(originally published in The Outreach Connection in July 2005)
Quick reviews of a plethora of summer movies.
Mr. & Mrs. Smith
Even more than most mass-release films, this comes packaged as a major-league pop culture event, by virtue of the purported Brad Pitt-Angelina Jolie romance. If true (and admittedly, this may be pure subjectivity on my part), the film sure makes it look as if it’s her that has him around her little finger. She just smoulders here, although compared to the classic female smoulderers of the Golden Age it’s a lightweight, disembodied kind of attribute. The film itself, about a stagnating married couple who find they’ve both been leading secret lives as assassins and then have to carry out contracts on each other’s lives, sporadically has the potential to be a warped commentary on the oddities of modern marriage, but the two key words in what I just said are “sporadically’ and “potential.” It gradually heads into incoherence and gleeful excess, crushing whatever “touches” the director Doug Liman (a long way from the highly engaging Swingers) was trying to bring to it. Still, it seems unfair to me to lump this in with something like Charlie’s Angels, as a few writers did; there’s a human core in there, albeit buried under innumerable bodies.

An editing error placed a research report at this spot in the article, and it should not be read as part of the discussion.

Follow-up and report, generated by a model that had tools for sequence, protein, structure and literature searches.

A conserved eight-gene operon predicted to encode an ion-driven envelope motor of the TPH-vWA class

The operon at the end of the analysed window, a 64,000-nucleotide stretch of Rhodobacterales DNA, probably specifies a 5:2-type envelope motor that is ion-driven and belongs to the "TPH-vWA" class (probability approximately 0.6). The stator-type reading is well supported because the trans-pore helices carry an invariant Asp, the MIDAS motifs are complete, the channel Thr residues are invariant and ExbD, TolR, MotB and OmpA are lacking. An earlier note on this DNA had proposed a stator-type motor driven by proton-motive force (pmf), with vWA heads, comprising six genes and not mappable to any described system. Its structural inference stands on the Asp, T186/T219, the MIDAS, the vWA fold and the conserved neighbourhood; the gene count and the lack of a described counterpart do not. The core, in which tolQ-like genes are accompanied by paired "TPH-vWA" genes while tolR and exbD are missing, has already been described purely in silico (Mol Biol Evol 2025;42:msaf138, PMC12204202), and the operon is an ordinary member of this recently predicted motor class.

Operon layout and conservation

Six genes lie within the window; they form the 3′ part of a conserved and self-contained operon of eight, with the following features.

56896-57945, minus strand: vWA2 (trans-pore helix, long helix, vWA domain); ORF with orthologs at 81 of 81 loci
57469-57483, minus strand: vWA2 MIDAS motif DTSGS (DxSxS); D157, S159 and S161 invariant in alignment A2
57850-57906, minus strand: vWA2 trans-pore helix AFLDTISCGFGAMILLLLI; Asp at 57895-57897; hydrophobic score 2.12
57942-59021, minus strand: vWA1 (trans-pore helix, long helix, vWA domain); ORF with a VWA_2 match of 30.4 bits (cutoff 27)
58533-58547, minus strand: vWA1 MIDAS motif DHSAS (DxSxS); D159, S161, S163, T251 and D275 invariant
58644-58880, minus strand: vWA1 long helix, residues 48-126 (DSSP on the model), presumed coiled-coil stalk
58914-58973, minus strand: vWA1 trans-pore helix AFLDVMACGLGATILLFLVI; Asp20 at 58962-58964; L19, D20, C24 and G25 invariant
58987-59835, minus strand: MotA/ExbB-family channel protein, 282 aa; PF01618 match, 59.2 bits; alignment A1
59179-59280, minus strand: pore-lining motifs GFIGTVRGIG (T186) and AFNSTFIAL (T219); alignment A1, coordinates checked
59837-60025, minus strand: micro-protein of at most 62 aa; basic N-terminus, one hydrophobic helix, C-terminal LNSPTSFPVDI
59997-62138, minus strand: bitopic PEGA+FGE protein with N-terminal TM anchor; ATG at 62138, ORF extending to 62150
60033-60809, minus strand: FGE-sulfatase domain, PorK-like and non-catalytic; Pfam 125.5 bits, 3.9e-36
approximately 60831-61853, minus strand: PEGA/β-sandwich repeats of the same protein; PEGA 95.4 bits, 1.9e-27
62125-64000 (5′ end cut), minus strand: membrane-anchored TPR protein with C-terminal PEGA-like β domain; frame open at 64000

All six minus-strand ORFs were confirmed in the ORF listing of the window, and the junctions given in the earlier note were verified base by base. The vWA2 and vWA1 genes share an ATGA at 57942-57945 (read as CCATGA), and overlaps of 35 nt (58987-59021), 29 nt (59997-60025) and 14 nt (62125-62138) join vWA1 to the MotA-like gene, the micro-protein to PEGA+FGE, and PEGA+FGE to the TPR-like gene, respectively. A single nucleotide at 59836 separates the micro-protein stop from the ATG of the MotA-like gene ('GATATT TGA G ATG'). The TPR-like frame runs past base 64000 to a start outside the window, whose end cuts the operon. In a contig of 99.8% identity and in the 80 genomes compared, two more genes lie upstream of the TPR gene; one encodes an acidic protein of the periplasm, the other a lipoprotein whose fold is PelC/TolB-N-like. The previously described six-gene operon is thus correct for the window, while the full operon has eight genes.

It’s easy to take a film like Cote d’Azur for granted – it’s utterly light and fluffy, involving various couplings and uncouplings among a French family on their summer break. These couplings are both gay and straight – one sometimes suspects that the makers meticulously plotted a 50/50 ratio in both directions. In this sense (and in the use of nudity, for another), the film feels calculated at times, but it’s purely giddy at others – it contains a couple of utterly nutty musical numbers. And its main recurring motif consists of guys getting caught masturbating in the shower. But we know there are many places, not so far from here, where this happy film might be denounced as sick and perverted. How can you not be in its corner?